I have covered Star Bulk Carriers Corp. (NASDAQ:SBLK) and Eagle Bulk Shipping Inc. (NYSE:EGLE) previously, so investors should view this as an update to my earlier articles on these companies.
Back in June, Eagle Bulk Shipping Inc. or “Eagle” announced the repurchase of close to 3.8 million shares from Oaktree Capital Management (“Oaktree”) at a price of $58.00 per share and adopted a so-called “poison pill” which effectively prevented investors to acquire more than 15% of the company’s common stock.
The move has been widely-viewed as an attempt to preclude leading containership lessor Danaos Corporation (DAC) or “Danaos” and, to a lesser extent, fellow dry bulk shipper Castor Maritime (CTRM) from taking control of Eagle after both companies purchased significant stakes in the open market earlier this year.
Given this issue, I was somewhat surprised to see Eagle Bulk Shipping’s board of directors now signing off on an agreement to merge with competitor Star Bulk Carriers Corp. or “Star Bulk” in an all-stock transaction (emphasis added by author).
Star Bulk Carriers (…), a global shipping company focusing on the transportation of dry bulk cargoes, and Eagle Bulk Shipping (…), one of the world’s largest owner-operators within the midsize dry bulk vessel segment, today announced that the companies have entered into a definitive agreement to combine in an all-stock merger on a Net Asset Value to Net Asset Value (“NAV”) basis with a pro forma market capitalization of approximately $2.1 billion.
Under the terms of the agreement, which was unanimously approved by the boards of directors of both companies, Eagle shareholders will receive 2.6211 shares of Star Bulk common stock for each share of Eagle common stock owned. This represents a total consideration of approximately $52.60 per share, a 17% premium based on Eagle’s closing share price of $44.85 on December 8, 2023. Upon the close of the transaction, Star Bulk and Eagle shareholders will own approximately 71% and 29% of the combined company on a fully diluted basis, respectively.
The combined company will be the largest U.S. listed dry bulk shipper with a combined fleet of 169 owned vessels on a fully delivered basis, 97% of which are scrubber-fitted.
The transaction is expected to generate at least $50 million in annual cost and revenue synergies within twelve to eighteen months, mostly through commercial operations integration and economies of scale, including reductions in general and administrative expenses.
Effectively, Star Bulk is acquiring Eagle thus greatly enhancing its presence in the mid-sized vessel (Ultramax/Supramax) segments:
Pro forma liquidity (including undrawn revolving credit facilities) for the combined company is stated at almost $420 million, with net leverage of approximately 37%.
The transaction requires approval by a simple majority of Eagle Bulk Shipping’s common shareholders and is expected to close in the first half of next year.
Until then, both companies will maintain their respective dividend policies.
At least in my opinion, there’s nothing wrong with this transaction as Star Bulk is picking up a complementary, scrubber-fitted fleet with plenty of cost savings potential in an all-stock deal.
Consequently, in addition to some immediate stock price appreciation, Eagle Bulk Shipping’s shareholders will be able to participate in the potential upside of the combined company.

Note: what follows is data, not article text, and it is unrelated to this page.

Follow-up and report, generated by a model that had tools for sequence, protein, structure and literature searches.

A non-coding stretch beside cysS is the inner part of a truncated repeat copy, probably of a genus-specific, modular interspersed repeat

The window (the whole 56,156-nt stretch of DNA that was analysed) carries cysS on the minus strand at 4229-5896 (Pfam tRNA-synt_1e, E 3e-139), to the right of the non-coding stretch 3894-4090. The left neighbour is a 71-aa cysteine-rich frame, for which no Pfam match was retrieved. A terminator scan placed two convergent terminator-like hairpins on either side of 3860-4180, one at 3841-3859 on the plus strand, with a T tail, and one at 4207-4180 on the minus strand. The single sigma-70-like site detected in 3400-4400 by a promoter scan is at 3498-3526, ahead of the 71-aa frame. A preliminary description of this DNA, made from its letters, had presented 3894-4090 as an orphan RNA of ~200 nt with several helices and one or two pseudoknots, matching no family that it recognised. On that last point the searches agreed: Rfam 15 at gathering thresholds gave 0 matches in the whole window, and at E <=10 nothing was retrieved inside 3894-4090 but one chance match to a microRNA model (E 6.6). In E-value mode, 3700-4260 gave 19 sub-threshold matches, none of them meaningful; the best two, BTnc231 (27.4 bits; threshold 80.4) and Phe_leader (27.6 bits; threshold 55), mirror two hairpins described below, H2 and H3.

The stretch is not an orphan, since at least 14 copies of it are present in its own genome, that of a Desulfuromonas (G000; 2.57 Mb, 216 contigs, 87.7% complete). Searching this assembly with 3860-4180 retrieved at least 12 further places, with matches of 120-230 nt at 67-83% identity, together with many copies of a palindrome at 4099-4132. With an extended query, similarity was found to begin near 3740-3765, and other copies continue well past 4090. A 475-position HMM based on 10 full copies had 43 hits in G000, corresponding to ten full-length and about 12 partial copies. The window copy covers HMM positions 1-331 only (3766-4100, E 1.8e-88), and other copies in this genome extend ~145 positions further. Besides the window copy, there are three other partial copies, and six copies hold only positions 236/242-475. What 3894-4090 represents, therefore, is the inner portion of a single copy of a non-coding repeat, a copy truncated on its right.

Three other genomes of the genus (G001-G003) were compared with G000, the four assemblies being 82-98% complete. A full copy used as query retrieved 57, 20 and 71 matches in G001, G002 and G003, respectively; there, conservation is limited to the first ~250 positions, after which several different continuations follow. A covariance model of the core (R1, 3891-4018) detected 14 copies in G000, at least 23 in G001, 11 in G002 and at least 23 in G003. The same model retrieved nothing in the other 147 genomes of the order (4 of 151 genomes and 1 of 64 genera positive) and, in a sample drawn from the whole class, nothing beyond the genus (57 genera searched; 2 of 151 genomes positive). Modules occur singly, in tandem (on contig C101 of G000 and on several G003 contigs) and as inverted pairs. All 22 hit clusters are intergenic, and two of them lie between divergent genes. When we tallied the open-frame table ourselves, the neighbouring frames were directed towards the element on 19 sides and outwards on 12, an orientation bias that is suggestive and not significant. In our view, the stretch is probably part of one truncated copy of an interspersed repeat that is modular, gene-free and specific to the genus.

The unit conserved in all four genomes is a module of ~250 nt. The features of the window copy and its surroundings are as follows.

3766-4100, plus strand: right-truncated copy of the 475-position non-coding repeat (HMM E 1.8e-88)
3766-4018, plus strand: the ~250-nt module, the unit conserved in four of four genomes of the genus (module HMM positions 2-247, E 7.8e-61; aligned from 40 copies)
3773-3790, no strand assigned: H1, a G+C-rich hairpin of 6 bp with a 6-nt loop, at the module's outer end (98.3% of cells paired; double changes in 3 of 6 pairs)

However, the reaction of Eagle’s largest shareholders Danaos and Castor Maritime remains yet to be seen.
Particularly, Danaos isn’t likely to be happy about the latest turn of events after Eagle Bulk Shipping precluded Danaos from taking control of the company earlier this year.
Remember that Danaos remains in the early innings of establishing a presence in the dry bulk shipping markets and a potential acquisition of Eagle Bulk Shipping would make for a formidable entry.
In contrast to Danaos, Castor Maritime hasn’t publicly stated its intentions regarding its stake in Eagle Bulk Shipping but the company’s average purchase price per share appears to be just slightly below the implied merger consideration of $52.60 per share.
Consequently, I wouldn’t be surprised to see both Danaos and Castor Maritime complaining about the valuation of Eagle Bulk Shipping in the proposed transaction, particularly after the company agreed to repurchase its own stock from Oaktree at $58 per share in cash earlier this year.
But even if both Danaos and Castor Maritime vote against the transaction, I consider shareholder approval as likely, as Eagle Bulk Shipping shareholders stand to benefit from the combined company’s increased scale and Star Bulk’s generous dividend policy.
However, there’s nothing that would stop deep-pocketed Danaos from launching a competing offer for Eagle Bulk Shipping, with a potential bidding war apparently benefiting Eagle’s shareholders even further.
In a surprise turn of events, leading dry bulk shipper Star Bulk Carriers proposes to acquire smaller competitor Eagle Bulk Shipping in an all-stock transaction valued at an approximately 14% premium to Monday’s closing price.
The combined company would be the largest U.S. listed dry bulk shipping company, with a fleet of 169 owned vessels and a pro forma market capitalization of $2.1 billion.
For my part, I view the proposed transaction as a win-win and would advise Eagle Bulk Shipping shareholders to tender their shares into the upcoming offer.
However, I do not expect Danaos to admit defeat and wouldn’t be surprised by the deep-pocketed containership lessor expressing its dissatisfaction with the transaction or even launching a competing offer in the near future.
Regardless of the outcome, I am reiterating my “Buy” rating on both Star Bulk Carriers and Eagle Bulk Shipping as both companies continue to trade at an approximately 15% (Star Bulk) to 20% (Eagle) discount to estimated net asset value despite strong improvements in the charter rate environment in recent weeks.